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Girl in red is growing up

08 April 2024, 09:00

Norwegian songwriter and producer Marie Ulven tells Laura David about finding her way towards her a new sound for her music as girl in red on her own terms.

“I really feel like things are maturing,” Marie Ulven says of her latest record as girl in red, I'm Doing It Again Baby!

As one of the breakout stars of the DIY indie movement that peaked between 2018 and 2020, many still associate girl in red with that lo-fi, stripped-back, grainy, airy production style that Ulven and others of the era brought back into vogue. It was a sound born from teenagers experimenting alone at home who were invited into the world of producing and writing not by label execs but by cheap (ish) laptop music software and YouTube tutorials. Tracks like “i wanna be your girlfriend,” “summer depression,” and “girls” became quick classics, and girl in red’s following ballooned along with the rest of the bedroom-pop/indie genre.

But when an artist becomes the poster child of such a distinct moment in musical time, it’s easy to get boxed in by fan expectations. Ulven’s 2021 debut LP If I Could Make It Go Quiet was received with some apprehension and while the record got co-signs from the likes of Taylor Swift (who later brought Ulven on as a supporter for The Eras Tour) and her devoted fanbase, it also got pushback from critics who felt it lacked cohesiveness and a singular sonic vision. Such criticism is perhaps one of the great Achilles heels of the music industry, that pressure it puts on trying to get artists to reproduce “lightning-in-a-bottle moments” rather than giving them room to innovate, change, and breathe. After all, it was that innovation and sporadic creativity that buoyed them in the first place.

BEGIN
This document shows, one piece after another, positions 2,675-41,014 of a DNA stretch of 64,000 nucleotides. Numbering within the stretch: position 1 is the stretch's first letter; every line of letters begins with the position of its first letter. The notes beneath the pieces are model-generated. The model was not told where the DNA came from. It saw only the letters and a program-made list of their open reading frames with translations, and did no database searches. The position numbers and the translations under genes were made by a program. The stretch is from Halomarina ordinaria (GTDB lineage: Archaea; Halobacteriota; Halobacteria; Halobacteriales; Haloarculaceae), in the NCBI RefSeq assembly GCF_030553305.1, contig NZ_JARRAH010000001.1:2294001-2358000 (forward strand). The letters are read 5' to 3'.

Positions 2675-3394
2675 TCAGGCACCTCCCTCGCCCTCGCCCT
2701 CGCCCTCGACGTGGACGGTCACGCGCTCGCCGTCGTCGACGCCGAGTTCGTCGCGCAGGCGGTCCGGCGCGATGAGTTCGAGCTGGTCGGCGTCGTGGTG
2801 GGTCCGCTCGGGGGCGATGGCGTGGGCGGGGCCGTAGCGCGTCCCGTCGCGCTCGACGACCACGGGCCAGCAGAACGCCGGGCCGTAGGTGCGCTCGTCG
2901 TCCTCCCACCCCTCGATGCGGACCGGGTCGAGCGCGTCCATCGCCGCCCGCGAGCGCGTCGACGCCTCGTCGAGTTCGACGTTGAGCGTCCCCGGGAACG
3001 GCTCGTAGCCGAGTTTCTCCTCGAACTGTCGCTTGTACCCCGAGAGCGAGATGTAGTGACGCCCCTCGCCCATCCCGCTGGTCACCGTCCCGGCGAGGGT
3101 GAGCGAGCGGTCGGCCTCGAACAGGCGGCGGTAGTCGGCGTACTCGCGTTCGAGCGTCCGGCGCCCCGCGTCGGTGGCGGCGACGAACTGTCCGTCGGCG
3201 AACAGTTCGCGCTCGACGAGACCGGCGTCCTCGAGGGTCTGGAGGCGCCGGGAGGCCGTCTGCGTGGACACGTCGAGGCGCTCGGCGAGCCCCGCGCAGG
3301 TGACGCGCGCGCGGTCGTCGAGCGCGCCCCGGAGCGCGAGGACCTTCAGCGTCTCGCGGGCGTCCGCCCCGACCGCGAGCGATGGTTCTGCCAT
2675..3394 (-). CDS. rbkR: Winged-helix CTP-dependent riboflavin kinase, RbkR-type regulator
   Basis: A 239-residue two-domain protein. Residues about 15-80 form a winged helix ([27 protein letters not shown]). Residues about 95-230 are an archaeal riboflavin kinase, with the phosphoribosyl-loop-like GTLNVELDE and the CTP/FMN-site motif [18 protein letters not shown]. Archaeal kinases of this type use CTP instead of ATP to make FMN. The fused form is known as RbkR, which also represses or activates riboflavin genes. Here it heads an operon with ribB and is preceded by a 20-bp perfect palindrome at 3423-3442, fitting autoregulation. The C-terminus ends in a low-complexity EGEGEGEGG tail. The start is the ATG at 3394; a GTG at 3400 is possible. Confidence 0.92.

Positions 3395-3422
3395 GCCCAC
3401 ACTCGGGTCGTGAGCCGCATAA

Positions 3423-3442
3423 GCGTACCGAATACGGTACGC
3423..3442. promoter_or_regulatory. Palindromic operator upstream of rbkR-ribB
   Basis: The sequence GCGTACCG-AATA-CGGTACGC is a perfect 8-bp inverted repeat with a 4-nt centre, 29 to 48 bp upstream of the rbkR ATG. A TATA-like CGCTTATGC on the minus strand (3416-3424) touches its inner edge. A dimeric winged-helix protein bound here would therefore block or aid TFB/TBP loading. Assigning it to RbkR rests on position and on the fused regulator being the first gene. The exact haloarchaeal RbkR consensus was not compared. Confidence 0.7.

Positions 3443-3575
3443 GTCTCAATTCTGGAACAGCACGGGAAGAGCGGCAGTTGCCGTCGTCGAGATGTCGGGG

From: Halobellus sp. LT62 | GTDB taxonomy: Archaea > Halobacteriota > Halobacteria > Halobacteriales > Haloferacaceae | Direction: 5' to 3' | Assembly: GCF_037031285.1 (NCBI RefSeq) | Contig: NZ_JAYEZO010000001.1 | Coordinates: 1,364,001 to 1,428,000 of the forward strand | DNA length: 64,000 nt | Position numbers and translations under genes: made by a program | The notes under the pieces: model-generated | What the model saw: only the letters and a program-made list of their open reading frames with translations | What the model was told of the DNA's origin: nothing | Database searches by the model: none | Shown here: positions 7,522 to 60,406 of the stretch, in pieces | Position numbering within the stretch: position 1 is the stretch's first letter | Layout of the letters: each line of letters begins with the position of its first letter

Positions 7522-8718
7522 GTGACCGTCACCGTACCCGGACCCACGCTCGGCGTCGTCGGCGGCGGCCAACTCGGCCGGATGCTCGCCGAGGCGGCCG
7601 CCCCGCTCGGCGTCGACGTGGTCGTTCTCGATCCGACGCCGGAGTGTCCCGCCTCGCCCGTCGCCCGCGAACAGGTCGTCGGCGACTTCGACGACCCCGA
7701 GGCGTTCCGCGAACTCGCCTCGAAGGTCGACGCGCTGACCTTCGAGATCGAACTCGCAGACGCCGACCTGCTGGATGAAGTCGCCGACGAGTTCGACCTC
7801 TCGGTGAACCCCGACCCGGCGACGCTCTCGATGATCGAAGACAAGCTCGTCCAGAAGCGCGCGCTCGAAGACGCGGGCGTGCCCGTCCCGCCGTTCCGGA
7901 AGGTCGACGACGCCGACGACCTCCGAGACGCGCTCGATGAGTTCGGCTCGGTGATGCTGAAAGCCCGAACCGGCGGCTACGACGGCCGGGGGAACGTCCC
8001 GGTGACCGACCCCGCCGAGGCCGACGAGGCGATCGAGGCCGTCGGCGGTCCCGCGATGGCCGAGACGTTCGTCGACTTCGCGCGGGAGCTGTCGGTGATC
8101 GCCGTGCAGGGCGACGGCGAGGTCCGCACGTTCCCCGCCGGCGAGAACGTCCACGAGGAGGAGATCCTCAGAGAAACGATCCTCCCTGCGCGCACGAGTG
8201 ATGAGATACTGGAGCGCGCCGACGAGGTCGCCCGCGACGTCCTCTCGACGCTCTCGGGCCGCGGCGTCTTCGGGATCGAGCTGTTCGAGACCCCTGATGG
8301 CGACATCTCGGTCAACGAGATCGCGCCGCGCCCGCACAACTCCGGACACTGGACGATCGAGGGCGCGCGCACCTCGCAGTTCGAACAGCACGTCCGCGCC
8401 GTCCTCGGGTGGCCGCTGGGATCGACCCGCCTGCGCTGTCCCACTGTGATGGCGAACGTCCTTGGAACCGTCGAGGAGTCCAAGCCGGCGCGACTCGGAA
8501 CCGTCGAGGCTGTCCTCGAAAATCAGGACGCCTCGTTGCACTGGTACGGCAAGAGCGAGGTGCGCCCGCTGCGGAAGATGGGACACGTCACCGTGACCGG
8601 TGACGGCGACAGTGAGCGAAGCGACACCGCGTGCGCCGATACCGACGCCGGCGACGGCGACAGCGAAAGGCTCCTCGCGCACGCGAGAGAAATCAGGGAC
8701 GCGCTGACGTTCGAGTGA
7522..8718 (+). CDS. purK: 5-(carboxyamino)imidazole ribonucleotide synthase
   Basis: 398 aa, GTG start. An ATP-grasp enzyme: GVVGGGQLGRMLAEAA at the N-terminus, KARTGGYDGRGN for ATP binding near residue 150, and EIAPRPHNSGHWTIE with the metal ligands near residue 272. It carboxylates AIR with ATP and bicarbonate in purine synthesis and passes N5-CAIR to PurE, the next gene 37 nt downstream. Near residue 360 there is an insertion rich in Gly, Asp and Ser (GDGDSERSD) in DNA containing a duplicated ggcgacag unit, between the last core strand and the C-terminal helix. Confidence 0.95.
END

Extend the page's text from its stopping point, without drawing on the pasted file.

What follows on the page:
“I think a lot of people really thought, ‘Oh, she’s making this kind of music [now], and she’s gonna make that kind of music forever,” Ulven muses. “But like I was just making that music because that was my ability. I was making music to my ability, and my abilities are maturing and changing and growing. So now, things are sounding a lot different.”